Why do we need, desire to do this? Because we were conceived without our choice or control, born within boundless time and fathomless space, and brought into the grand continuum of history, with much coming before us, and, given our mortality, much coming after us. Perforce we must believe in something greater than we.

Speaking always, only for myself, I choose not something, but rather Someone: God. To paraphrase Voltaire, if God didn’t exist, I’d have to invent God[4] or some idea to express my unerring sense of the enormity of existence and my gratitude, with the psalmist, for how fearfully and wonderfully we are made.[5]

Now, once ushered into life in this world, we were launched on that universal existential quest for identity, each of us asking repeatedly, in one way or another: Who am I? Given my family of origin, later, my life’s vocation, and daily profession as a Christian, I chose and choose to follow Jesus. For I behold in him and his love, especially for the least, the last, the lost, his courageous commitment to his cause unto death, his redemptive resurrection, the incarnation of a righteous life that fulfills God’s intention from the dawn of creation.

But how do we follow him? How can we embody his love so that our lives, our words and our deeds, answer our question of identity? For Jesus embodies an unconditional love that humbles us. For we, even in our deepest desires to love others, if we are honest, must confess that our preferences, our affections and disaffections, our likes and dislikes, verily, our prejudices get in our way.

As for me, I’m intolerant of intolerance. If there is one thing I cannot understand it is our human incapacity to comprehend another, divergent point of view and, thus, our inability to accept the reality of those who are different. Yet, in this admission, I reveal my bias that with no subtle irony rejects those I deem biased!

So, how is it possible for us to reconcile our unrighteousness (I just shared one aspect of mine and I know y’all [that’s the Southern influence!] got some!) with the righteousness of Jesus who welcomes us without condition, to paraphrase the hymn, “just as we are without one plea”?

With gratitude, giving thanks for our creation by God as spirits enfleshed in human experience. That spirit, given the One by faith we follow is the Spirit of Jesus. His Spirit, who, greater than our preferences and prejudices, speaks to our conscience; challenging and confronting us, correcting and converting us. His Spirit, as Paul counsels us, who pours God’s love into our hearts,[6] empowering us to fulfill the hope of our hearts to do, to be love.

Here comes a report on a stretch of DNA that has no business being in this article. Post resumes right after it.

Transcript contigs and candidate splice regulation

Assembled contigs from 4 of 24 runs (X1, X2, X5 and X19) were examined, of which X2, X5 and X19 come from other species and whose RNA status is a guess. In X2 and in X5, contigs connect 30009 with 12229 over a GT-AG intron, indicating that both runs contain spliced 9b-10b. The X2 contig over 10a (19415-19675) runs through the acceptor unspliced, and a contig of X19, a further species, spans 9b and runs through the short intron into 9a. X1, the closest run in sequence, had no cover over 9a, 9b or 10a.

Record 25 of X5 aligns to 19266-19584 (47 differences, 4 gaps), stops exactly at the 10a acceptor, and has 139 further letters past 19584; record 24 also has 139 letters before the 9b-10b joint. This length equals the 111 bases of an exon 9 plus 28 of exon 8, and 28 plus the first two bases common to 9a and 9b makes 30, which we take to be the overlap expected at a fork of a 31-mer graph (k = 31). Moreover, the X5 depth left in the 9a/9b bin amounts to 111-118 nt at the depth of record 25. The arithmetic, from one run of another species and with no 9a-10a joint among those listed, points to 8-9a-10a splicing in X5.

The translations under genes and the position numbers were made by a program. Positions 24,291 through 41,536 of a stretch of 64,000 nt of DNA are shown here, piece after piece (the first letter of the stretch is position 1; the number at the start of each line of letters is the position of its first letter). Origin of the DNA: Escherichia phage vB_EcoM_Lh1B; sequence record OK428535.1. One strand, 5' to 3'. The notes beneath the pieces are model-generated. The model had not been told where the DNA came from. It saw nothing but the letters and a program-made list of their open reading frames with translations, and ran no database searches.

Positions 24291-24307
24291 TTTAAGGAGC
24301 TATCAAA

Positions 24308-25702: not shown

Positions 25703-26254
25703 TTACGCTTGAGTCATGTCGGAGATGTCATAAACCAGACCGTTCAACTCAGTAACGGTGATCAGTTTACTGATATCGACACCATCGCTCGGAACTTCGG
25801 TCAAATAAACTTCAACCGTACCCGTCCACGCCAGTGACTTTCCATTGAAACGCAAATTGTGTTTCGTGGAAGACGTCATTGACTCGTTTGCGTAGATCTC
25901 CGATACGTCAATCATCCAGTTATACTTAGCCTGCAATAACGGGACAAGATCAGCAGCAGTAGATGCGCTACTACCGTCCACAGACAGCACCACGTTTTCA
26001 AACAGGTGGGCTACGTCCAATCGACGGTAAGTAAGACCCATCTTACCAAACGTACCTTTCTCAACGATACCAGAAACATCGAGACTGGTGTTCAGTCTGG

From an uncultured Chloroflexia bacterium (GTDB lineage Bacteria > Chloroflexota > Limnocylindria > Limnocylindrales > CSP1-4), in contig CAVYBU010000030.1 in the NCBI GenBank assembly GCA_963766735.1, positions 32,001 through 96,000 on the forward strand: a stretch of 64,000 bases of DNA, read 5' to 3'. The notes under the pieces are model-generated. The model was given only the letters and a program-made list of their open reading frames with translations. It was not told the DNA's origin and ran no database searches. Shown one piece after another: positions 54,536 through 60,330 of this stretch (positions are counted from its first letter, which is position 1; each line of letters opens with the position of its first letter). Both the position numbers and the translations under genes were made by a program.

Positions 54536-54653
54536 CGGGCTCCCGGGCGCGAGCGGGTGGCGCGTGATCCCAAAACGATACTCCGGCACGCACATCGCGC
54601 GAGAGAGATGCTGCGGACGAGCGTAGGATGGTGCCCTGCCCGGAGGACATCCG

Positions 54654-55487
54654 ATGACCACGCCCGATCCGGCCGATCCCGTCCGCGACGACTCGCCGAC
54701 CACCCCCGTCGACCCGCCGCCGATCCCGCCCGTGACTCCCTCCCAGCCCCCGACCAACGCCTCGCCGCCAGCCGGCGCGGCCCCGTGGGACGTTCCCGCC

There is an ancient story told of a rabbi, who, in the manner of Jesus, taught whilst walking down the road, his disciples figuratively and literally following him. He asked, “How do you know when darkness hath given way to light?” The first disciple answered, “Rabbi, you know that darkness gives way to light when you can look in the distance and see a tree and know whether it is a fig tree or an olive tree.” The rabbi answered, “No”, and continued walking. After a while, he stopped, asking again, “How do you know when darkness hath given way to light?” The second disciple, secretly delighted that his brother disciple had failed in his attempt to answer correctly, and now pleased with his opportunity to prove his acumen, responded, “Rabbi, you know that darkness gives way to light when you can look in the distance and see an animal and know whether it is a sheep or a goat.” The rabbi answered, “No”, and continued walking. After a long while, he stopped and said, “You know when darkness hath given way to light when in the distance you see any man, woman, or child and there behold one whom God hath sent to you for you to love. Until you can do that, even at high noon, you dwell in darkness.”

By the presence and power of God and Jesus through the Holy Spirit, let us love. For that is how we breathe new life into old words!


Illustration: Adoration of the Trinity (1511), Albrecht Dürer (1471-1528), Kunsthistorisches Museum, Vienna.

The oil on panel painting (for it originally was affixed over an altar in a chapel) depicts the Trinity; God the Father wearing an imperial crown and a wide gilt cloak, lined in green and supported by angels, and holding a crucifix with a still-alive Jesus, above, the Holy Spirit in the form of a dove in a cloud of light surrounded by cherubim.

A host of heavenly saints are gathered, led by John the Baptist, cloaked in brown and green on the right, and the Virgin Mary, adorned in blue, on the left.

Below them, earthly multitudes of religious, led by the pope (on the left), secular authorities, led by the Emperor of the Holy Roman Empire (on the right), and the mass of humanity (in the middle).

On the lower right, a self-portrait of Dürer holding a banner with the signature and date inscription: ALBERTUS DURER NORICUS FACIEBAT ANNO A VIRIGINIS PARTU 1511


[1] Quintus Septimius Florens Tertullianus (anglicized as Tertullian), 160-225

[2] French philosopher and Jesuit priest, paleontologist and geologist (May 1, 1881-April 10, 1955). The quote, a paraphrase taken from The Phenomenon of Man (Le Phénomène Humain, 1955).